* This first story isn't old news, and is from yesterday's papers. Police caught a murder suspect in Seonwon-dong on the 28th.
* Oil company GS Caltex has introduced prize fighting into elementary schools and uses white people to officiate:
* In 2005 Ohmynews ran a two-part prison diary of an English teacher incarcerated in Yeosu's Immigration detention center. The diary's second part talks about a fire that was started in one of the cells:
Last night (April 22), there was a fire (I believe in cell 201). It happened around 3:30 a.m. I learned later that is was probably started by three Russian men (who are now in solitary confinement). Before this fire occurred I could hear people shouting downstairs, complaining and demanding that the TVs be restored. (I'm not sure if the people who started the fire were among their number.)
Luckily, the fire was contained. But what if it wasn't. Everyone, behind bars, have no ability to escape to safety. During the fire, the guards on our floor seems to be at a loss as to what to do (or rather, they were waiting to be told what to do.) One guard, if my memory is accurate, sat down at the office computer and played solitaire.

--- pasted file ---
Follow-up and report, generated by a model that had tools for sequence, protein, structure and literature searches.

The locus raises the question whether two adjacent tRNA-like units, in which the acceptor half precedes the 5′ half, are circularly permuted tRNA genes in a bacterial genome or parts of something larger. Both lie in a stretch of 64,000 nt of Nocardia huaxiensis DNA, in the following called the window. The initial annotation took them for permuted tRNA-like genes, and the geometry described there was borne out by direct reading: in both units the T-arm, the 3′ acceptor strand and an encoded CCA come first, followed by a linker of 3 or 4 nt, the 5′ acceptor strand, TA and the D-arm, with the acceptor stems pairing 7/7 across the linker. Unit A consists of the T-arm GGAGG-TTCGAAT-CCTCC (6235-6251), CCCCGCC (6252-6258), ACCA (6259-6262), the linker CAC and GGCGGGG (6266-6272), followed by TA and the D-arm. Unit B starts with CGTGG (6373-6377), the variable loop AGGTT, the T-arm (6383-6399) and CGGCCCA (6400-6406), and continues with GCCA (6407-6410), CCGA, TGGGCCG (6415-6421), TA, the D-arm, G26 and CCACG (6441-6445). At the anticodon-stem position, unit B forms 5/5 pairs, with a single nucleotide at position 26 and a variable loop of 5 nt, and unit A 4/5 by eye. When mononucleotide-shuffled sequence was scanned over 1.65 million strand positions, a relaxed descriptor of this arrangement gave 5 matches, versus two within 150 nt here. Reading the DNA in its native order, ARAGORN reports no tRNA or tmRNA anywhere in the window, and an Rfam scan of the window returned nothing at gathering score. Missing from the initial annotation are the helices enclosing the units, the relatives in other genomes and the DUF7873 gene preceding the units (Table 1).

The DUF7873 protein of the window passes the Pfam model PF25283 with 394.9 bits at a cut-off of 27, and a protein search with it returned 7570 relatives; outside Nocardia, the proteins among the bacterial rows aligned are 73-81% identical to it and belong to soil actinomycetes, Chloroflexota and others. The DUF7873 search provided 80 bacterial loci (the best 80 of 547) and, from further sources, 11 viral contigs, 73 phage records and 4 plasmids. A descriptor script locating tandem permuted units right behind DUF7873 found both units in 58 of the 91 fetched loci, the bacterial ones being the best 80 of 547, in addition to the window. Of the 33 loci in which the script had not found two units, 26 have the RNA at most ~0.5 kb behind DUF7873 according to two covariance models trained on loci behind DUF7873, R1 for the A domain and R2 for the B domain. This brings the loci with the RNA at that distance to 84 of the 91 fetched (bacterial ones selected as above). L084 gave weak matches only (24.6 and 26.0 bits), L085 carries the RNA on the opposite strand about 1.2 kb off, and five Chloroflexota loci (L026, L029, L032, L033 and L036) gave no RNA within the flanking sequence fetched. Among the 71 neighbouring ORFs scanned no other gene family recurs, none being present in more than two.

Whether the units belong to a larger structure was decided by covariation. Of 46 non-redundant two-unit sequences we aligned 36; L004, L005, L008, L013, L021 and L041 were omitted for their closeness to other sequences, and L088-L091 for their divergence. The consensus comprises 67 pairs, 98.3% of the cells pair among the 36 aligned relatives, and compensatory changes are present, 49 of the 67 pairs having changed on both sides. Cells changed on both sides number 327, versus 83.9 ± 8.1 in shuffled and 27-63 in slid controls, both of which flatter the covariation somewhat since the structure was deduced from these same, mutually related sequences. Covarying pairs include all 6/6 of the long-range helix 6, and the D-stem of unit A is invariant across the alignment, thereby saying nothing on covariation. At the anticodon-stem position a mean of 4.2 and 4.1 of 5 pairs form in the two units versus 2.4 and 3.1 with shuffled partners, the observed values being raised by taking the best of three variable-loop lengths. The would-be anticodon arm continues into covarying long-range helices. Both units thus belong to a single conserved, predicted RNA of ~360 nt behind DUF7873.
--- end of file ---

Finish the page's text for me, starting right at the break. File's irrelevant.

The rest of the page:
I have been told on more than one occasion that this facility is understaffed and under funded. There are not enough staff, guards or otherwise to safely run this prison. Which, in my view, cannot be lawful, let alone safe for staff or detainee. When a repairman comes to fix the phone or TV, he is locked inside with us. This is only because the guards trust us not to harm that person. (This is also the case whenever one of the staff enter our cells.)
* Gusts of Popular Feeling first brought up that small fire in his write-up of the bigger fire there in February, 2007, that killed 9 people. Take a look at his two posts here and here for a good summary and links to tons of news stories. Long story short, a Chinese-Korean started a fire that did so much damage because firefighters couldn't open the jail cells. It had no sprinkler syste because it was under 11 stories tall and, moreover, as the floor burned it emitted a toxic gas. The prison diary and the news stories on Matt's two posts provide a very grim picture of the plight of illegal immigrants in government detention centers. Certainly an important reminder that the foreigner experience extends well beyond the classroom, and that many foreign visitors and residents here face much bigger problems than shifty coteachers or lack of imported beer.
* I got word that for some reason people believed that elevator attack on a 10-year-old girl happened in Suncheon, not Ilsan. I hear that some foreign scholars around here believed it happened in our apartment complex. It didn't, but there was a similar case in Yeosu back in February, something I didn't find out until this morning. The Joongang Ilbo mentions it in passing in an article full of alarming stories: